Monthly Archives: April 2013

Review: Like Dandelion Dust

Like Dandelion Dust by Karen Kingsbury

Fiction. Published 2006.

Read: March 2013, 368 pages

★★★☆☆

Book Blurb:

When Joey Campbell’s biological father is released from prison, four-year-old Joey faces a life no one could’ve planned. His father wants custody, and a judge’s quick decision deals a devastating blow to the Campbell family. Joey must be returned to his biological parents. In a haze of grief and disbelief, the Campbells watch their adopted son pick a dandelion and blow the feathery seeds into the wind.

And in the days following the ruling, Jack Campbell conceives a desperate and dangerous thought. What if they can devise a way out? What if they take Joey and just disappear? Both families will learn that sometimes the greatest love is in letting go- Like Dandelion Dust.

Impressions:

The topic was intriguing but delivered only a moderate and lacking presentation. Like Dandelion Dust felt like it was hastily created  with no personal meaning or emotional toiling from the author. This book is mildly recommended if you enjoy the author already.

Thoughts:

Like Dandelion Dust is a ‘Christian/Religious’ section fiction novel. Karen Kingsbury has written many novels that are in series and although I have not read any other books by the author, it appeared her writing was not passionate or meaningful. It felt like she was trying to sell a book versus telling a good story.

Joey is taken away from his adopted family when his biological father reports he did not give away his rights. His adopted family plots to disappear with Joey after he starts visiting his biological parents. His biological father is abusive and the Campbells fear for Joey. In the end, the families learn about letting go (well someone learns this lesson twice).

I did enjoy Beth’s unrelenting faith and young Joey’s new relationship with God. He comes to know God through his confusing family arrangement and has someone who is always with him and keeping him safe. The book was made into a movie in 2010.

Quotes:

“That’s ’cause God made it happen.” He grinned. “I asked Him.” -p358

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Review: Dreams and Visions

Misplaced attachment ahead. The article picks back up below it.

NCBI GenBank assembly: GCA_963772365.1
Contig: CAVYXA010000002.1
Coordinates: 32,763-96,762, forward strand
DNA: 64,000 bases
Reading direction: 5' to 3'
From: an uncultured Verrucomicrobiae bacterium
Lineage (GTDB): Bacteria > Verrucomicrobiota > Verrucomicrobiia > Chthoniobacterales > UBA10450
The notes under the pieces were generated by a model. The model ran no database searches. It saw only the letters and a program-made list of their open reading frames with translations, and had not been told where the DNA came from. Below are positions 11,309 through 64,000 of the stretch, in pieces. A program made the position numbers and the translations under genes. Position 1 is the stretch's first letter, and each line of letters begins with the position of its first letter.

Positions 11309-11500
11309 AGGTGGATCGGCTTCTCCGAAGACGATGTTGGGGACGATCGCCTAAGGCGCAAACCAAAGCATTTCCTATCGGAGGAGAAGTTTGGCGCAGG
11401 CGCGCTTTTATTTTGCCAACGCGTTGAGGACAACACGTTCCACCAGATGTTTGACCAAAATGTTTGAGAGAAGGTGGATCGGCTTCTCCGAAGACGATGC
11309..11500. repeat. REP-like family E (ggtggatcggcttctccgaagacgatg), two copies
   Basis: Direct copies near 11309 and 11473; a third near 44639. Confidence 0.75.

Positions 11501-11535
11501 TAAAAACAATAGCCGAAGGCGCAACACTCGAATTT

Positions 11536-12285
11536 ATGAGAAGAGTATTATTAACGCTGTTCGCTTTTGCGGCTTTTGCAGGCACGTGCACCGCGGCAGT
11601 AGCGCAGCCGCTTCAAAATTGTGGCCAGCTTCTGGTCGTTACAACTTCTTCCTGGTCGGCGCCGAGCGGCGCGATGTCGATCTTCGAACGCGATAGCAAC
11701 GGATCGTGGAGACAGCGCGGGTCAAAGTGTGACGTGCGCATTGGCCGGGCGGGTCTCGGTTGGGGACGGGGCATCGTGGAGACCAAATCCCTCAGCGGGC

Dreams and Visions by Tom Doyle

Non-Fiction. Published 2012.

Read: April 2013, 272 pages

★★★★☆

Book Blurb:

What would you do if Jesus appeared to you in a dream? What if He came to you in a vision and told you to follow Him? What if these visions continued for over thirty days? would you believe? Would you put your trust in him? Would you devote your life to him?

Would you if you were Muslim?

Pastor Tom Doyle has spent eleven years as a full-time missionary in the Middle East and Central Asia, spreading the word of Jesus Christ. Throughout his journey he has encountered a staggering number of Muslims who were first introduced to Jesus through a vision or dream so powerful that they eventually turned from their lifelong religion of Islam and embraced Christ as their Savior. Despite living in a culture where converting to Christianity can result in execution, these former Muslims have found hope, peace, and inspiration that comes from knowing Christ. Their stories will amaze you. Jesus is reaching out to the Muslims and they are responding. Did you know that Iran has the fastest growing church in the world?

Dreams and Visions is a remarkable collection of stories directly from the world of Islam. Doyle not only relates these stories, but also addresses the questions: Why would God use dreams to reach the Muslim world? Can dreams be trusted? What happens after these dreams or visions occur? Travel to the heart of the Middle East to meet new believers who have truly been touched by Jesus in the most miraculous way, through their nightly dreams.

Impressions:

Although it is very dense, this book delivers an interesting trip through the Middle East. You will meet many individuals who are experiencing dreams and visions of Jesus, moving them away from Islam and closer to Christianity. It describes how learning more about Islam can deepen your discipleship to Muslims and how God is working to help them receive the message of Jesus. I received Dreams and Visions through booksneeze. I recommend it to people who want to know more about the Muslim culture and are interested in discipleship. It may take you a while to get through the book but it’s well worth it.

Thoughts:

Dreams and Visions is completely fascinating. Foremost, it explains how Muslims are receiving dreams of Jesus and coming to Christianity. It explains how these dreams break down barriers and create questioning for them. The book explains Middle Eastern culture and the dangers of converting. It is a way for the author to explain how to be empathetic and disciple Muslims.

In chapter 16, Doyle explains that Judaism focuses on knowledge, Islam focuses on power, and Christianity focuses on love. People are more willing to come to Christ when they feel and see the difference that Jesus loves them. He points out that Muslims have built-in presuppositions. Understanding how the Qur’an depicts Jesus versus statements that are backed/not backed by the Bible are critical in any Christians ability to explain their faith to Muslims.

Quotes:

Minutes after she clicked Send for the last time, Fatima’s brother entered the room. He beat her cruelly, breaking bones and rupturing skin. Finally, he cut out her tongue and dragged her outside where he burned her alive. -p61

The Bibles sewn into my hijab are uncomfortable. But I get twenty Injils each trip to Jordan. -p68

I resigned myself to thinking, God just doesn’t work that way today. But I was really, really wrong. -p126

Dreams and visions break down barriers that keep Muslims from embracing Christ. -p241

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